The gigabyte GA-EG45M-UD2H m-atx board is what i'm using. Please note that I'm not usually going with high cpu usage as i only play music, with some filtering and equalization. CPU is around 30-40% max and temps are in the low 50s(°C)


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PostPosted: Sat Mar 13, 2010 10:30 am 
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Unfortunately I was not able to remove the Fan the Northbridge G31 in my case is to hoot for my liking.
Interesting that it works for you with G45 that is 24W TDP and it will not work for me on G31 with 15.5W TDP.
Can you put your hand on the Northbridge heatsink after one hour or more in use?.

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 Post subject:
PostPosted: Sun Mar 14, 2010 4:35 am 
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electrodacus wrote:
Can you put your hand on the Northbridge heatsink after one hour or more in use?.


I dont know but the system sensor says usually 45°, while the cpu averages 51°C with light usage (Music playback only -with equalization)


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 Post subject:
PostPosted: Mon Mar 15, 2010 11:30 am 
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Telstar wrote:
I dont know but the system sensor says usually 45°, while the cpu averages 51°C with light usage (Music playback only -with equalization)


If this is the case then is relay great 45°C is excellent but maybe the temperature sensor is faulty. If you have access to heatsink ca you measure with the finger :) usually if is under 60C it will be tolerable.
I may buy the same board or similar if this is the case I will love to get rid of the fan.

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 Post subject: Rear-mount Thermal Blocks
PostPosted: Sat Mar 20, 2010 7:33 pm 
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Image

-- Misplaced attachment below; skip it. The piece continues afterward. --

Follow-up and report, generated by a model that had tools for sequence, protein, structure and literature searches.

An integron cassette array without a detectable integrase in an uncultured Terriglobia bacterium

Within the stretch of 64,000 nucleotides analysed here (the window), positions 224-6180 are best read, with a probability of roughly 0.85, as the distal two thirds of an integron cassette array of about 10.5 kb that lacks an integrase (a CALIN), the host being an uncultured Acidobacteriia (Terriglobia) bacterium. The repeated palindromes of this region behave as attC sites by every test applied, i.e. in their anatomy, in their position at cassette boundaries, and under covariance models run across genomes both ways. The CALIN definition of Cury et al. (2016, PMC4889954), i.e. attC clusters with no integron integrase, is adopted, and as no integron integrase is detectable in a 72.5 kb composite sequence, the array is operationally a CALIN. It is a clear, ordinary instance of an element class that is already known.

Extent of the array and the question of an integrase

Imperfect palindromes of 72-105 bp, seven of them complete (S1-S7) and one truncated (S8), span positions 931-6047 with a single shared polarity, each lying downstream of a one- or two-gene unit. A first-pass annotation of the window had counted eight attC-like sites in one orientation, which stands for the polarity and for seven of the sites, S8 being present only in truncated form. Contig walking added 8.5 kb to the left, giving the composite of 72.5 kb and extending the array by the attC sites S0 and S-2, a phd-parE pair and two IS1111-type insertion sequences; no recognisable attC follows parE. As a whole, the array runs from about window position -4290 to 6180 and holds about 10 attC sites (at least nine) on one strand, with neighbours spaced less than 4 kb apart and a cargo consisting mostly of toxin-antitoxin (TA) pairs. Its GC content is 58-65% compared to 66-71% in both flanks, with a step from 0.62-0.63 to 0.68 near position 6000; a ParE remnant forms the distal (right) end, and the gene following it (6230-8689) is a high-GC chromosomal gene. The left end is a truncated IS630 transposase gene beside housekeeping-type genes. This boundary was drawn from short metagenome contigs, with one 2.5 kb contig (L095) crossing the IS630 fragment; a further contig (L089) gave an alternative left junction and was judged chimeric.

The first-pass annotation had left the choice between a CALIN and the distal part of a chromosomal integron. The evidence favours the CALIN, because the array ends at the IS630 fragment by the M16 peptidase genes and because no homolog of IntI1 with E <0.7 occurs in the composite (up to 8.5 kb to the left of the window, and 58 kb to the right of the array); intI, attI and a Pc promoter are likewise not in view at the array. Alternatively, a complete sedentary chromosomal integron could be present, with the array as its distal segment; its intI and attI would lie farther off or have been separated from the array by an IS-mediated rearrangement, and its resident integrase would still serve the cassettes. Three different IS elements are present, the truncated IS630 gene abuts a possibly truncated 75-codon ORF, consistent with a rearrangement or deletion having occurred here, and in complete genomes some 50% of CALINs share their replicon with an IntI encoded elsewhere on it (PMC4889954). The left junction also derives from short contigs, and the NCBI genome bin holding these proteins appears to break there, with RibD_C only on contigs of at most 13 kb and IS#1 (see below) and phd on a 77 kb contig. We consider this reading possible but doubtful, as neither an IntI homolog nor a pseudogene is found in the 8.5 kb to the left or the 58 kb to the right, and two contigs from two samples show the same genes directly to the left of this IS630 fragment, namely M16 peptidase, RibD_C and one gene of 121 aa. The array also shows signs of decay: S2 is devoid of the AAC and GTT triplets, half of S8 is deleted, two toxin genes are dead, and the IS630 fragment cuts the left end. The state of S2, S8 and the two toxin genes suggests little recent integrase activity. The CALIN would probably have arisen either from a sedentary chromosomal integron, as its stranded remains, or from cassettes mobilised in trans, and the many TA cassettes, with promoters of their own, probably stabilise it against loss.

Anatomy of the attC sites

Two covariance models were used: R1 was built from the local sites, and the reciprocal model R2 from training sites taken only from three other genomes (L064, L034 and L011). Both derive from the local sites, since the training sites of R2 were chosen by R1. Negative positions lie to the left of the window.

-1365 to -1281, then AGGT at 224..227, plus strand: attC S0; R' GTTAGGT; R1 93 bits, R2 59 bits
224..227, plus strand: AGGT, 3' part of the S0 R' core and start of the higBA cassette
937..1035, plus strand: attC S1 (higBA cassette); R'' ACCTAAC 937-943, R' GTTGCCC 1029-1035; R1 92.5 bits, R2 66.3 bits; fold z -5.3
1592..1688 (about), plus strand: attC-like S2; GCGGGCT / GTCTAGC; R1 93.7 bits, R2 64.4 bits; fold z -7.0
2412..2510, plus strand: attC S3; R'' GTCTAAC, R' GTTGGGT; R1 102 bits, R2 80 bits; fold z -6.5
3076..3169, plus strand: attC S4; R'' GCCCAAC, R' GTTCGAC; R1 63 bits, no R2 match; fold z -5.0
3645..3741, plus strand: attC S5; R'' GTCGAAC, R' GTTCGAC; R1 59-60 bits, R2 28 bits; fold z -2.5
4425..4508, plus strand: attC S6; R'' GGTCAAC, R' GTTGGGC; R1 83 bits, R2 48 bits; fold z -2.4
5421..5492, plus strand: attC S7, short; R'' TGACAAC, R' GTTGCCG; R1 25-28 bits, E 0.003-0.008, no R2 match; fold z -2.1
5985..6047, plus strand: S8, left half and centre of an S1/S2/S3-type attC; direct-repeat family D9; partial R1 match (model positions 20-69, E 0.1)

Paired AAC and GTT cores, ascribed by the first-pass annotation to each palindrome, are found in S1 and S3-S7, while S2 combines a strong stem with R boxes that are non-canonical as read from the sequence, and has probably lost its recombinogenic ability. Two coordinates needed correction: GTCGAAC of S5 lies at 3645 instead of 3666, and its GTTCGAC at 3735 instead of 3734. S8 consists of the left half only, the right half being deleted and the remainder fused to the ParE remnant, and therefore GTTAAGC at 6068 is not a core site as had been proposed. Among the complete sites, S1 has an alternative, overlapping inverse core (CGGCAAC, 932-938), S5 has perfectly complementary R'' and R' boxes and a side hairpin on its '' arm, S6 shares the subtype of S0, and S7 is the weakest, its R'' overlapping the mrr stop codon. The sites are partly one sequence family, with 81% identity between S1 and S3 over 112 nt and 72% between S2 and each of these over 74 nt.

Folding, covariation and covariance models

Zalman page

"Heat Transfer via Rear-mount Thermal Blocks
When the Rear-mount Thermal Blocks are installed on the back-side of the motherboard in line with the position of the FETs (Field Effect Transistor) and the Northbridge chipset, each can lower the FET temperature by 10 to 30°C and the Northbridge chipset by 5 to 10°C."


These thermal blocks are designed to be used with Zalman TNN cases. I haven't tried them in a regular case, but I thought I'd mention it here in case anyone's interested in experimenting.

Sold as a pack of 8 blocks I think, don't know if they're still available. I suspect they work best with an aluminium uni-body frame type case.

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 Post subject: Re: Rear-mount Thermal Blocks
PostPosted: Sat Mar 20, 2010 10:12 pm 
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PlanetOfTheApes wrote:
These thermal blocks are designed to be used with Zalman TNN cases. I haven't tried them in a regular case, but I thought I'd mention it here in case anyone's interested in experimenting.

Sold as a pack of 8 blocks I think, don't know if they're still available. I suspect they work best with an aluminium uni-body frame type case.